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I want to add some scripts for custom administrative work to a Linux server (Ubuntu 12.04). Ultimately those scripts are callback scripts from at least one daemon (PostgreSQL in my case but that shouldn't matter). In order for the daemon to find my script, I must provide the full path; I used /opt/<package>/bin as per the FHS.

When I add that path to PATH in /etc/environment, the user can call the script without providing the full path but the daemon can not; it just says "not found".

So my question is basically twofold:

  1. How do I add paths to PATH for daemons?
  2. Is it a good idea anyway? Or should I rather always use full path names?

2 Answers 2

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When I add that path to PATH in /etc/environment, the user can call the script without providing the full path but the daemon can not; it just says "not found".

According to this source, which is IBM AIX documentation (I could not find anything else) but is presumably true in general:1

The first file that the operating system uses at login time is the /etc/environment file. The /etc/environment file contains variables specifying the basic environment for all processes.

Note that it is not sourced in any system wide .profile, so this is hard-coded somewhere. However, if it applies "at login time", it will not apply to a daemon, which is started by init and never logs in (although "for all processes" contradicts this, perhaps that was just a poor choice of words).

According to this superuser Q&A, /etc/environment is part of PAM, which supports the "at login" premise and again means it will not be used by init spawned daemons. There are a lot of other references for this too, but not, it seems, actual PAM documentation.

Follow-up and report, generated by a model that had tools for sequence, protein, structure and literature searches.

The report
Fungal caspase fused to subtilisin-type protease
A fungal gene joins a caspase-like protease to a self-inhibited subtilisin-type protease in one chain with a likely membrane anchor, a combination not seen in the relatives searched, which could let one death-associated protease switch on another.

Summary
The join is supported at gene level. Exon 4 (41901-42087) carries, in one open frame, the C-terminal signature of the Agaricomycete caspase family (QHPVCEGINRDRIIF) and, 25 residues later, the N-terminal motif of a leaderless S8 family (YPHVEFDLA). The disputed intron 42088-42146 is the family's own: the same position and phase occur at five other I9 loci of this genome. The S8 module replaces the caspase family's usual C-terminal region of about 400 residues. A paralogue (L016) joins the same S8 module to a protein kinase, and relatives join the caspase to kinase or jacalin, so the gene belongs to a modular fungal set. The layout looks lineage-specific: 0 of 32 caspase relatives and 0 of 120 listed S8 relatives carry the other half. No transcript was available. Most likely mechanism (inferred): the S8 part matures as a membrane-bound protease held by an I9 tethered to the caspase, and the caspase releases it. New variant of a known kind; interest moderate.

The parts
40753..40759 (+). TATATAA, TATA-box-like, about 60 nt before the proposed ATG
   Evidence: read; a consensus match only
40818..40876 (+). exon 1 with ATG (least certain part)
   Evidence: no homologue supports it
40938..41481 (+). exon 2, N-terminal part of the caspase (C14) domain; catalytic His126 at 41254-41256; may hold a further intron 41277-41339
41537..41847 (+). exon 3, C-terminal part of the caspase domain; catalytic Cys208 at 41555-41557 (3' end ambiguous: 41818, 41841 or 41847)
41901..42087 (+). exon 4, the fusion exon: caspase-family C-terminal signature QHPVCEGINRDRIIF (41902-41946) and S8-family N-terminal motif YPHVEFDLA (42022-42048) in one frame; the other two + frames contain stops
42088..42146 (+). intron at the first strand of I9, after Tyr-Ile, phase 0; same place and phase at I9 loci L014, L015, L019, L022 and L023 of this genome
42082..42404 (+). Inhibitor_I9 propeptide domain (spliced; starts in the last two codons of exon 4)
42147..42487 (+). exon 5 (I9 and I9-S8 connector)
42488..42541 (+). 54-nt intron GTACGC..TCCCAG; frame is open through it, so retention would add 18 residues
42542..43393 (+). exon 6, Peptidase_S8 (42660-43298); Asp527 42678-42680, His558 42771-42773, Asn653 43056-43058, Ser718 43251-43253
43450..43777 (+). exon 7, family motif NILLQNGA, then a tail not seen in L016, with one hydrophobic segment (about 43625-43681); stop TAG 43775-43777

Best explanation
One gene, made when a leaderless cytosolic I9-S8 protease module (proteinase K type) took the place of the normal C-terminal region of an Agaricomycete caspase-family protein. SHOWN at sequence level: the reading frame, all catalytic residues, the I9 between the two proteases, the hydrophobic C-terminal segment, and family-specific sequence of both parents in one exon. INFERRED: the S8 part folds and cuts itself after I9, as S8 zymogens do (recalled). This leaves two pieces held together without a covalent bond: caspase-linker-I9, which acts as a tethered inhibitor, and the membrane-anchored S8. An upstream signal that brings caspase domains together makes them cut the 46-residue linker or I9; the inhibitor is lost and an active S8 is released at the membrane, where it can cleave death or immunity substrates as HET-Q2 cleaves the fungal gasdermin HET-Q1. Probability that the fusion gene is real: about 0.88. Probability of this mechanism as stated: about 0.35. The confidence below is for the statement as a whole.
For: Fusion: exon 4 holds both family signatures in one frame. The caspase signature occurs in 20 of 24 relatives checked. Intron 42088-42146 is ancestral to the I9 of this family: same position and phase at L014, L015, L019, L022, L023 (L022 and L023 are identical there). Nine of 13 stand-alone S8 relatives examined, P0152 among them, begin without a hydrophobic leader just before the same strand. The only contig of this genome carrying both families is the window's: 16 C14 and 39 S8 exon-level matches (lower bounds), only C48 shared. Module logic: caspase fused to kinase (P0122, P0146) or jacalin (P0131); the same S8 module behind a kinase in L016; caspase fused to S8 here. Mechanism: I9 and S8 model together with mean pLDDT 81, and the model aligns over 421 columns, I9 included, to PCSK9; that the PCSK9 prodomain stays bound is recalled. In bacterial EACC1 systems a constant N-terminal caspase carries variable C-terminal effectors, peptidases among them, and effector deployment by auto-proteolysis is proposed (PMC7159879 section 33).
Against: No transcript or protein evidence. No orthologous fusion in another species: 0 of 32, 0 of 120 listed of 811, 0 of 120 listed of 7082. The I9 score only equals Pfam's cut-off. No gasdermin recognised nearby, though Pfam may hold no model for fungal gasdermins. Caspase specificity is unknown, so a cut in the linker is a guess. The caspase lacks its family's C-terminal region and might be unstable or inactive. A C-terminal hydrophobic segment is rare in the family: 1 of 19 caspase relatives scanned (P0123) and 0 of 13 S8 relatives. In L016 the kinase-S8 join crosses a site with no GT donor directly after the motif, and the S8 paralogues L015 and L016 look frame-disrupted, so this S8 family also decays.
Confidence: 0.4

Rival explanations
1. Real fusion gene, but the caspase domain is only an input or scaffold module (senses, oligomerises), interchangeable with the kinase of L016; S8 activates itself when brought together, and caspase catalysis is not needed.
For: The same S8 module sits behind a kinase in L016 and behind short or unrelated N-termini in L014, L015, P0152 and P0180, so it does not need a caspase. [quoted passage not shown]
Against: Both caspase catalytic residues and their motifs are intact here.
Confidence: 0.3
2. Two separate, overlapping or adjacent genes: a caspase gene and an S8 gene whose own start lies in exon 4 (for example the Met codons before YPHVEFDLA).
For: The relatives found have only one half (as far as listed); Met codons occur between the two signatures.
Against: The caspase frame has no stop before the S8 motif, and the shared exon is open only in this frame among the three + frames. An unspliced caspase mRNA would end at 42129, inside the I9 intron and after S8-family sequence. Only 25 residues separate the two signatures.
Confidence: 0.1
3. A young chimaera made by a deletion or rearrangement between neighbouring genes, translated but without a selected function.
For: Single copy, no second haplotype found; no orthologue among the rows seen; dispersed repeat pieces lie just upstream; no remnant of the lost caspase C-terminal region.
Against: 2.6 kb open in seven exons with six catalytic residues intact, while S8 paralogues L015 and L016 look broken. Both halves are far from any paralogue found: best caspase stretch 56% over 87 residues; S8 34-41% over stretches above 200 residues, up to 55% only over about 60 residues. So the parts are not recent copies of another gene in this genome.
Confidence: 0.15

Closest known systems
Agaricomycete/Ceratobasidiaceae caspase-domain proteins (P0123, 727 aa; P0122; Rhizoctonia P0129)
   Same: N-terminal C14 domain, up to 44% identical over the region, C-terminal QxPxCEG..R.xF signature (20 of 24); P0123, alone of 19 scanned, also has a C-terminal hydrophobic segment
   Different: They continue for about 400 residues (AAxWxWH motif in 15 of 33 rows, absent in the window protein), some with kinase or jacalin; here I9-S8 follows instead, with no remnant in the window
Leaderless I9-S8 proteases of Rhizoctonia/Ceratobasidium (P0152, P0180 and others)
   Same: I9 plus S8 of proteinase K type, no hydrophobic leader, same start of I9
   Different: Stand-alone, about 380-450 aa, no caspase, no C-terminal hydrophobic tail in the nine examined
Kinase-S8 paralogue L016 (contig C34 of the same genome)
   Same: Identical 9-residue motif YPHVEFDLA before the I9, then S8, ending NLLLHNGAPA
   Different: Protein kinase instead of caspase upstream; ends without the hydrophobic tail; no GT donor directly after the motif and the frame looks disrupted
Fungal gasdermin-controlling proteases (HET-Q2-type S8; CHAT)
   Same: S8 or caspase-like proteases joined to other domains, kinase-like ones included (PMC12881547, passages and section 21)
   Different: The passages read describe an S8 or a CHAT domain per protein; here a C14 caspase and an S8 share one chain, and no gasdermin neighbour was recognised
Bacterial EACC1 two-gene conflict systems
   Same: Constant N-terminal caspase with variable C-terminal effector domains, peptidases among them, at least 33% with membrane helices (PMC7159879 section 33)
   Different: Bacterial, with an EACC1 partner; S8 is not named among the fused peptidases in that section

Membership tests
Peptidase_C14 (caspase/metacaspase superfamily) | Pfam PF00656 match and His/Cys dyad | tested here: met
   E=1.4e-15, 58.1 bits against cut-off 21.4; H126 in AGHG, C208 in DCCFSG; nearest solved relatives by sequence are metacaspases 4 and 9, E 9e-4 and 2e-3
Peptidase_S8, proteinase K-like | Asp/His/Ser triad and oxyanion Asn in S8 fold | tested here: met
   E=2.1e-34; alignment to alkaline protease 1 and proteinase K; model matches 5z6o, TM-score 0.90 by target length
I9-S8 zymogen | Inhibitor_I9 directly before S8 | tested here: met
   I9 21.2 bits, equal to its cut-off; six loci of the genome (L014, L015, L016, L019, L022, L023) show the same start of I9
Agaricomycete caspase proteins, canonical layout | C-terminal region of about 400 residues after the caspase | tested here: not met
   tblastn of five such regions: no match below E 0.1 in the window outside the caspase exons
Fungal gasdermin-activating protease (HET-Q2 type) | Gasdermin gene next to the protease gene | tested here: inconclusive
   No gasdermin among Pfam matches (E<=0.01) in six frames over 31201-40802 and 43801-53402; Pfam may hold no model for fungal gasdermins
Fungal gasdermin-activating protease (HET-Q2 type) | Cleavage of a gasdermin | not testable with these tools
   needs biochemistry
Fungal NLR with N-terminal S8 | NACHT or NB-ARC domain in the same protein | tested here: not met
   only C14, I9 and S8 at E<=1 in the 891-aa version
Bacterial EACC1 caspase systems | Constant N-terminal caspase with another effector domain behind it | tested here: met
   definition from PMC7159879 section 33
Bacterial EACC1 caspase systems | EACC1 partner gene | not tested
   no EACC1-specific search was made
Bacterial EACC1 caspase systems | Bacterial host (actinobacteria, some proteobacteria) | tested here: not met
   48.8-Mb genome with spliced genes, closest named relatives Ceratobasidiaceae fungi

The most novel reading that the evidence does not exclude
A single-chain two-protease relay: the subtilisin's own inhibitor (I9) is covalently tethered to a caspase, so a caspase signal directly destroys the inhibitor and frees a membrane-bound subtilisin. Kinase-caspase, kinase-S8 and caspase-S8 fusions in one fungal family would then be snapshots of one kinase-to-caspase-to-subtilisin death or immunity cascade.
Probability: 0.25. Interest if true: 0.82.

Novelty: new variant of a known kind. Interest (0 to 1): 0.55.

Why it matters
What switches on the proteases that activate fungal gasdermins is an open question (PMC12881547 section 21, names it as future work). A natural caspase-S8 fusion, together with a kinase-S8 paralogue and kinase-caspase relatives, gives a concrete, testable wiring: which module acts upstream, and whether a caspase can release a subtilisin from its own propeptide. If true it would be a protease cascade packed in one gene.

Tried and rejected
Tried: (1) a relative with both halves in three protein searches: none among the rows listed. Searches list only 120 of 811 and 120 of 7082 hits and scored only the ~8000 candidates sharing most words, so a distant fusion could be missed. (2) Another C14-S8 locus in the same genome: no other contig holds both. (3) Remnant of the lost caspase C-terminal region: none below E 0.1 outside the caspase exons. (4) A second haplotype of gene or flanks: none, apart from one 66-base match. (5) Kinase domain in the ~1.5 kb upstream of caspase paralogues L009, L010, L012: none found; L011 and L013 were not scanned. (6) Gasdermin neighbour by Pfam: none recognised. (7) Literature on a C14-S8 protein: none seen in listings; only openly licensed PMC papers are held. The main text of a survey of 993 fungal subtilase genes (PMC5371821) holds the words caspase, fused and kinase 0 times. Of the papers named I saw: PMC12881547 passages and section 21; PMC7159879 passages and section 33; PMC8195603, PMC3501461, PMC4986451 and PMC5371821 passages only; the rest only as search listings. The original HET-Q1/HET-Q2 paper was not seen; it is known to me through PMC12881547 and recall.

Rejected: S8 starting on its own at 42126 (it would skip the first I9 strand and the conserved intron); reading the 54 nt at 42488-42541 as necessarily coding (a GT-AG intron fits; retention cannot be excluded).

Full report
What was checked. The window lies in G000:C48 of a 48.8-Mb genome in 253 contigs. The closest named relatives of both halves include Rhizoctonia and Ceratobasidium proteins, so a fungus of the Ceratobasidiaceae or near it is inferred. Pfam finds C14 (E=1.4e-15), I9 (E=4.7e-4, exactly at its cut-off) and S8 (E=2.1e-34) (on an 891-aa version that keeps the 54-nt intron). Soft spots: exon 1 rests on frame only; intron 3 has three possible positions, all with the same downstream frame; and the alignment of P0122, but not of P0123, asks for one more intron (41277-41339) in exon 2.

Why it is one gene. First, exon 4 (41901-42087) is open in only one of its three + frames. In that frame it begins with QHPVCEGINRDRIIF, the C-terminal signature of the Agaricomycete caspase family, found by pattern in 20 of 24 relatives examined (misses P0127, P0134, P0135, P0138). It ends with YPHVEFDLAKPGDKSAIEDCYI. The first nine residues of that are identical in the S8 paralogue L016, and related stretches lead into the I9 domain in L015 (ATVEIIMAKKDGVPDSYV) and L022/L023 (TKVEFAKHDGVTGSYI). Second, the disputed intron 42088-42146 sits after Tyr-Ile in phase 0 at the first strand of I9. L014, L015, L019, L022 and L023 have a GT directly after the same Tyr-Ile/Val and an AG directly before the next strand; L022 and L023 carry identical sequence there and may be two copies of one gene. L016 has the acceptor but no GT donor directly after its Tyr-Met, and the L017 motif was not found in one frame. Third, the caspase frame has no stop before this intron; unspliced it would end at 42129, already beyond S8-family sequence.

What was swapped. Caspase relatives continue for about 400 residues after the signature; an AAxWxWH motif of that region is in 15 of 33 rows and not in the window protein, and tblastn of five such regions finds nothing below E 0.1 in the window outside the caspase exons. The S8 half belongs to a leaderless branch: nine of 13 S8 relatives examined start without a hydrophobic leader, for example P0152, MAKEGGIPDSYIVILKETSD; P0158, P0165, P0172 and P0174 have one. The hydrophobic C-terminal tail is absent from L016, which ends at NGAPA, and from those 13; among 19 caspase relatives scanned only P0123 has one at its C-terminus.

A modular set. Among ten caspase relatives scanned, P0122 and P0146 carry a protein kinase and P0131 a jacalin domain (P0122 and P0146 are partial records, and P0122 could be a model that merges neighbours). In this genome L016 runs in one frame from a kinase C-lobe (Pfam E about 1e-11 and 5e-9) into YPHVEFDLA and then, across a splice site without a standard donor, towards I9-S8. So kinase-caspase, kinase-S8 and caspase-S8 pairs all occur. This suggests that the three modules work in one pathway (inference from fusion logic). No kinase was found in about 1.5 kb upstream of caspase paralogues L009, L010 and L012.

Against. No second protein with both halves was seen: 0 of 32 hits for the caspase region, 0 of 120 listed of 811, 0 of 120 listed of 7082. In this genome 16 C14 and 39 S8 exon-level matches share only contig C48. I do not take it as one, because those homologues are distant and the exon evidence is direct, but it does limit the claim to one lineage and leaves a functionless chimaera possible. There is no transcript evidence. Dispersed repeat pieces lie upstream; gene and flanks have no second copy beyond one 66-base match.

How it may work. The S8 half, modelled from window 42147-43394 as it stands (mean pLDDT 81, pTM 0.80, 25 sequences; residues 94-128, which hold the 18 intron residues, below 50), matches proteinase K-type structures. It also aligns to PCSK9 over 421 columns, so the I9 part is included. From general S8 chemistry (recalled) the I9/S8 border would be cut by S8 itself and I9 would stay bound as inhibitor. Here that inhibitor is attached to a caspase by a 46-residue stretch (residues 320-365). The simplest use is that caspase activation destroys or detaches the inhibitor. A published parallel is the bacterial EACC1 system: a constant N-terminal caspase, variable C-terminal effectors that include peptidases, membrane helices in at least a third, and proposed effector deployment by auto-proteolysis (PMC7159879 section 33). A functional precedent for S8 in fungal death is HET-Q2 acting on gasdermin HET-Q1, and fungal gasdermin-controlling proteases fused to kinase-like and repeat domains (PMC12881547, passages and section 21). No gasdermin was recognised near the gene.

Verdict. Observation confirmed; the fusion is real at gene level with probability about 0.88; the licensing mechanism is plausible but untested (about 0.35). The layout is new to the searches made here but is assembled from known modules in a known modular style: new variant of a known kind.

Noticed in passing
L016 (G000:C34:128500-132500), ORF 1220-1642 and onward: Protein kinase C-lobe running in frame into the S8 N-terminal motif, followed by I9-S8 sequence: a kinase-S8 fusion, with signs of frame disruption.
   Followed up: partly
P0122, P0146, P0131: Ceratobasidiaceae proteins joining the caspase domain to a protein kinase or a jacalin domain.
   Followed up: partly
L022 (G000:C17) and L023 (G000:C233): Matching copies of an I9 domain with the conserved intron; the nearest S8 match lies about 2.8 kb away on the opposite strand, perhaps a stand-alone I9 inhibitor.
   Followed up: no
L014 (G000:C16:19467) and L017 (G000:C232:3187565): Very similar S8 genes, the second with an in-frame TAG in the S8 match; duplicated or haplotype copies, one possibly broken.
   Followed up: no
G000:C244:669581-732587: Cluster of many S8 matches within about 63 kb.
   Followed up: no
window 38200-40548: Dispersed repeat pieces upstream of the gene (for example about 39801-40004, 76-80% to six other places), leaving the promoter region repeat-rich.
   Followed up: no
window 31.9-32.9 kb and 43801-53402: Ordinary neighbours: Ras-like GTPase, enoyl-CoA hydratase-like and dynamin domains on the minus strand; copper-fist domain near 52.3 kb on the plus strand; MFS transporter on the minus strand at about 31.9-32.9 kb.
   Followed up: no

should I rather always use full path names?

This is the most common and generally recommended process -- it is possible for daemons to start with no $PATH at all. So you could set this yourself in a start-up script, or, as you say, use full path names as appropriate.

1. "/etc/environment" does not appear at all in what would seem to be the relevant POSIX specs [1] [2].

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  • I guessed as much but it's nice to have some confirmation. I also wasn't aware that /etc/environment is part of PAM. Thanks.
    – musiKk
    Apr 7, 2014 at 19:41
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This is very distribution dependent. /etc/environment belongs to PAM on Linux (as was pointed out already). However, /etc/environment is for logins, not for daemons. For services and daemons there are usually some configuration scripts that are sourced in (usually by some rc script), for instance these are found at /etc/conf.d/ with Gentoo Linux. But again, this is also very distribution dependent. Systemd for starting services is yet another story.

Better call programs by their absolute name - this is also security best practice as it avoids any ambiguity about which program is meant to run.

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